General Studies II

World Press Freedom index


The World Press Freedom Index 2021 has been released by the media watchdog group Reporters Without Borders.

  1. Norway topped the index for the fifth year in a row.
  2. The report labelled 132 countries as “very bad”, “bad” or “problematic”.
  3. It stated that the pandemic was used as means to deny journalists this access and promote government sponsored propaganda regarding the Covid-19 outbreak.

Key Highlights:

  • India has not slipped further on the World Press Freedom Index 2021 published by the international journalism not-for profit body, Reporters Without Borders (RSF)
  • India continues to be counted among the countries classified “bad” for journalism and is termed as one of the most dangerous countries for journalists trying to do their jobs properly.
  • India is ranked 142, same as last year, after it had consistently slid down from 133 in 2016.
  • In the South Asian neighborhood, Nepal is at 106, Sri Lanka at 127, Myanmar (before the coup) at 140, Pakistan at 145 and Bangladesh at 152.
  • Norway again topped amongst 180 countries followed by Finland and Denmark.
  • While Eritrea is at the bottom. China is ranked 177, and is only above North Korea at 179 and Turkmenistan at 178.
  • The report released on Tuesday stated that India shares the “bad” classification with Brazil, Mexico and Russia.

Reasons Behind India’s Poor Performance:

  • Journalists are exposed to every kind of attack, including police violence against reporters, ambushes by political activists, and reprisals instigated by criminal groups or corrupt local officials.
  • The journalists have often been subjected to coordinated hate campaigns on social networks.
    • Such campaigns are particularly violent when the targets are women.

Global Scenario:

  • Journalism, the main vaccine against disinformation, is completely or partly blocked in 73% of the 180 countries.
  • Only 12 of the Index’s 180 countries (7%) can claim to offer a favourable environment for journalism.
  • Covid-19 pandemic has been used to perfection by nations to control the spread of information.
  • The Report has raised concern about the larger Asia-Pacific region as several nations in an attempt to curb freedom of press have in place draconian laws on ‘sedition,’ ‘state secrets’ and ‘national security’.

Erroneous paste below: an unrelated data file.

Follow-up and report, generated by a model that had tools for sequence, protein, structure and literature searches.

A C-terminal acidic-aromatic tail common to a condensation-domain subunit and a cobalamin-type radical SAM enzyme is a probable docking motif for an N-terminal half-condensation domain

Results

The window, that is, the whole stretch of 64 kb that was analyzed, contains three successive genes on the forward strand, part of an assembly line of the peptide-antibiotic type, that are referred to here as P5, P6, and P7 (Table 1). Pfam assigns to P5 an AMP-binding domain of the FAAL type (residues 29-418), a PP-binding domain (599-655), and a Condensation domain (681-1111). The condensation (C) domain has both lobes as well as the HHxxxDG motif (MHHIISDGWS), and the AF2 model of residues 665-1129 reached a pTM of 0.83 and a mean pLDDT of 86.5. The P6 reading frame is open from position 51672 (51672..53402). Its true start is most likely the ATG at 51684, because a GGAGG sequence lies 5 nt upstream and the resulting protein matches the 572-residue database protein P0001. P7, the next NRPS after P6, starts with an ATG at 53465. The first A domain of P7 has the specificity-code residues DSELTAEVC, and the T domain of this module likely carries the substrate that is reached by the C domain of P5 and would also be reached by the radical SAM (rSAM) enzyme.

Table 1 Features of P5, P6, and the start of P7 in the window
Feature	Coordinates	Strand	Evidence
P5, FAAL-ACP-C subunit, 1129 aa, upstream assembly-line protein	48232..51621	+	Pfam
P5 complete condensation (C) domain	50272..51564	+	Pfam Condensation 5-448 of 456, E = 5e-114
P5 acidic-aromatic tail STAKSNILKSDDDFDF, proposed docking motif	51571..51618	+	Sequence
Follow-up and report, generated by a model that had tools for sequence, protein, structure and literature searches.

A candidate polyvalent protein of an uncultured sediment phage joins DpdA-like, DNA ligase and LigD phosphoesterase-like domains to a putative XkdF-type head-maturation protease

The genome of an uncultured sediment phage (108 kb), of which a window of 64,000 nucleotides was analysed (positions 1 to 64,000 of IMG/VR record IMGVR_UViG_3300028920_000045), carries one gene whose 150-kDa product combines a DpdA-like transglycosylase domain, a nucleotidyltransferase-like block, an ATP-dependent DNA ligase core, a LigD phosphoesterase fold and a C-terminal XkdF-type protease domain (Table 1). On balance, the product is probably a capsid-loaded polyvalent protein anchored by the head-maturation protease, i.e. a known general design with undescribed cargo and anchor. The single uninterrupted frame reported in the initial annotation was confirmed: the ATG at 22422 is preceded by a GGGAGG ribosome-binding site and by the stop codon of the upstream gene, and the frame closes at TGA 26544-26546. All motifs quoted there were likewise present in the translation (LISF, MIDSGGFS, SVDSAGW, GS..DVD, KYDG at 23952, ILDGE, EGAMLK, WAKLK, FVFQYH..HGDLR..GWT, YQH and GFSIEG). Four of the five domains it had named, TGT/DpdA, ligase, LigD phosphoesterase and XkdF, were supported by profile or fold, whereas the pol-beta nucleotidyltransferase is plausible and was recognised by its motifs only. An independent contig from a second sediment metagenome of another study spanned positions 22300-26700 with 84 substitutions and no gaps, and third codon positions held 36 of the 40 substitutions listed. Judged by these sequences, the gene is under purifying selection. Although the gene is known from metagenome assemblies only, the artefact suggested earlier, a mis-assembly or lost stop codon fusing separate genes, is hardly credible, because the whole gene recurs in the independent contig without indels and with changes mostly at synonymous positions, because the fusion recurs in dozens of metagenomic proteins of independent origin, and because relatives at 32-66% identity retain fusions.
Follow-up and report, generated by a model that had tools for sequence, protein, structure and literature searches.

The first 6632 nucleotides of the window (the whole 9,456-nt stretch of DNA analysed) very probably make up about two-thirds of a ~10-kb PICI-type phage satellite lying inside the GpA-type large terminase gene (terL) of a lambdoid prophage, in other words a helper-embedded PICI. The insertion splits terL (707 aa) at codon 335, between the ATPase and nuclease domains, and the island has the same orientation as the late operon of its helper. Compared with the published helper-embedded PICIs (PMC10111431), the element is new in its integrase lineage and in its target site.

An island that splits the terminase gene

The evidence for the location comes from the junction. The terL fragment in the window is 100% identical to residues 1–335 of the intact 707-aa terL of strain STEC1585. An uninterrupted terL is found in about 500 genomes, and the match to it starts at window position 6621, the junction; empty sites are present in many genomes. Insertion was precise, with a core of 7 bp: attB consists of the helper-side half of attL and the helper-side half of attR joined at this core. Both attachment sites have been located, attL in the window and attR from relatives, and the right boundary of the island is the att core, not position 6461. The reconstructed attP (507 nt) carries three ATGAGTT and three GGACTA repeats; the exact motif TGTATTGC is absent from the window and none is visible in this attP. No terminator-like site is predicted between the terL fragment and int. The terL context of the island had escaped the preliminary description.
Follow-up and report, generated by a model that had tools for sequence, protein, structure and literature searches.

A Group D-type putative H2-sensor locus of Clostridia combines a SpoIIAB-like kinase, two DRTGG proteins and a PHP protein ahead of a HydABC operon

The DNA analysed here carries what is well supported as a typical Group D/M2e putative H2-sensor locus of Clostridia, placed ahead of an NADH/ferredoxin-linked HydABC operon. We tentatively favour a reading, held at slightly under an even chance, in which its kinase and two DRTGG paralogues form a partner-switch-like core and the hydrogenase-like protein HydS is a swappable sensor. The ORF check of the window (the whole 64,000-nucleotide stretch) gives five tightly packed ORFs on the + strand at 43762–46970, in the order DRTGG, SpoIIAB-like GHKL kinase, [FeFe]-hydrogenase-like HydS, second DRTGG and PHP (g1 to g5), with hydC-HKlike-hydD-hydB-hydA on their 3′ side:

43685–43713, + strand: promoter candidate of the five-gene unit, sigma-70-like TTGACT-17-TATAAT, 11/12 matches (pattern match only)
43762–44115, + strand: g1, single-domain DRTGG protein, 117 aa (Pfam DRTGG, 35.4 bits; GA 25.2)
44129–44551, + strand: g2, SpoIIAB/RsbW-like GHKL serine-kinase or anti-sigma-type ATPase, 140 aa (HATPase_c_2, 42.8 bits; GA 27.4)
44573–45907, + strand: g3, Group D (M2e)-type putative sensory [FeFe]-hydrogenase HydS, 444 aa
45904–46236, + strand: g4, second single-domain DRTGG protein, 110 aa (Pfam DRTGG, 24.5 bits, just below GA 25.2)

About Press Freedom Index

  • The Press Freedom Index is an annual ranking of countries compiled and published by Reporters Without Borders measures the level of media freedom in 180 countries.
  • RSF has developed an online questionnaire with 87 questions linked to one of the six following indicators:
    • Pluralism
    • Media independence
    • Environment and self-censorship
    • Legislative framework
    • Transparency
    • Infrastructure
    • Abuses
  • Ever since the 2013 index, countries have been given scores ranging from 0 to 100, with 0 being the best possible score and 100 the worst.
  • RSF calculates two scores. The first, ScoA, is based on the first six of the seven indicators listed above. The second, ScoB, combines the first six indicators with the seventh (abuses). A country’s final score is the greater of these two scores. This method prevents an inappropriately low score (high ranking) being given to a country where few or no acts of violence against journalists take place because the provision of news and information is tightly controlled.

Article in Constitution:

  • The Constitution, the supreme law of the land, guarantees freedom of speech and expression under Article 19, which deals with ‘Protection of certain rights regarding freedom of speech, etc.
  • Freedom of press is not expressly protected by Indian legal system but it is impliedly protected under article 19(1) (a)of the constitution, which states – “All citizens shall have the right to freedom of speech and expression”.
  • However, Freedom of press is also not absolute. It faces certain restrictions under Article 19(2), which are as follows-
  • Matters related to interests of the sovereignty and integrity of India, the security of the State, friendly relations with foreign States, public order, decency or morality or in relation to contempt of court, defamation or incitement to an offence.

Supreme Court:

In 1950, the Supreme Court in Romesh Thappar v. State of Madras observed that freedom of the press lay at the foundation of all democratic organisations.


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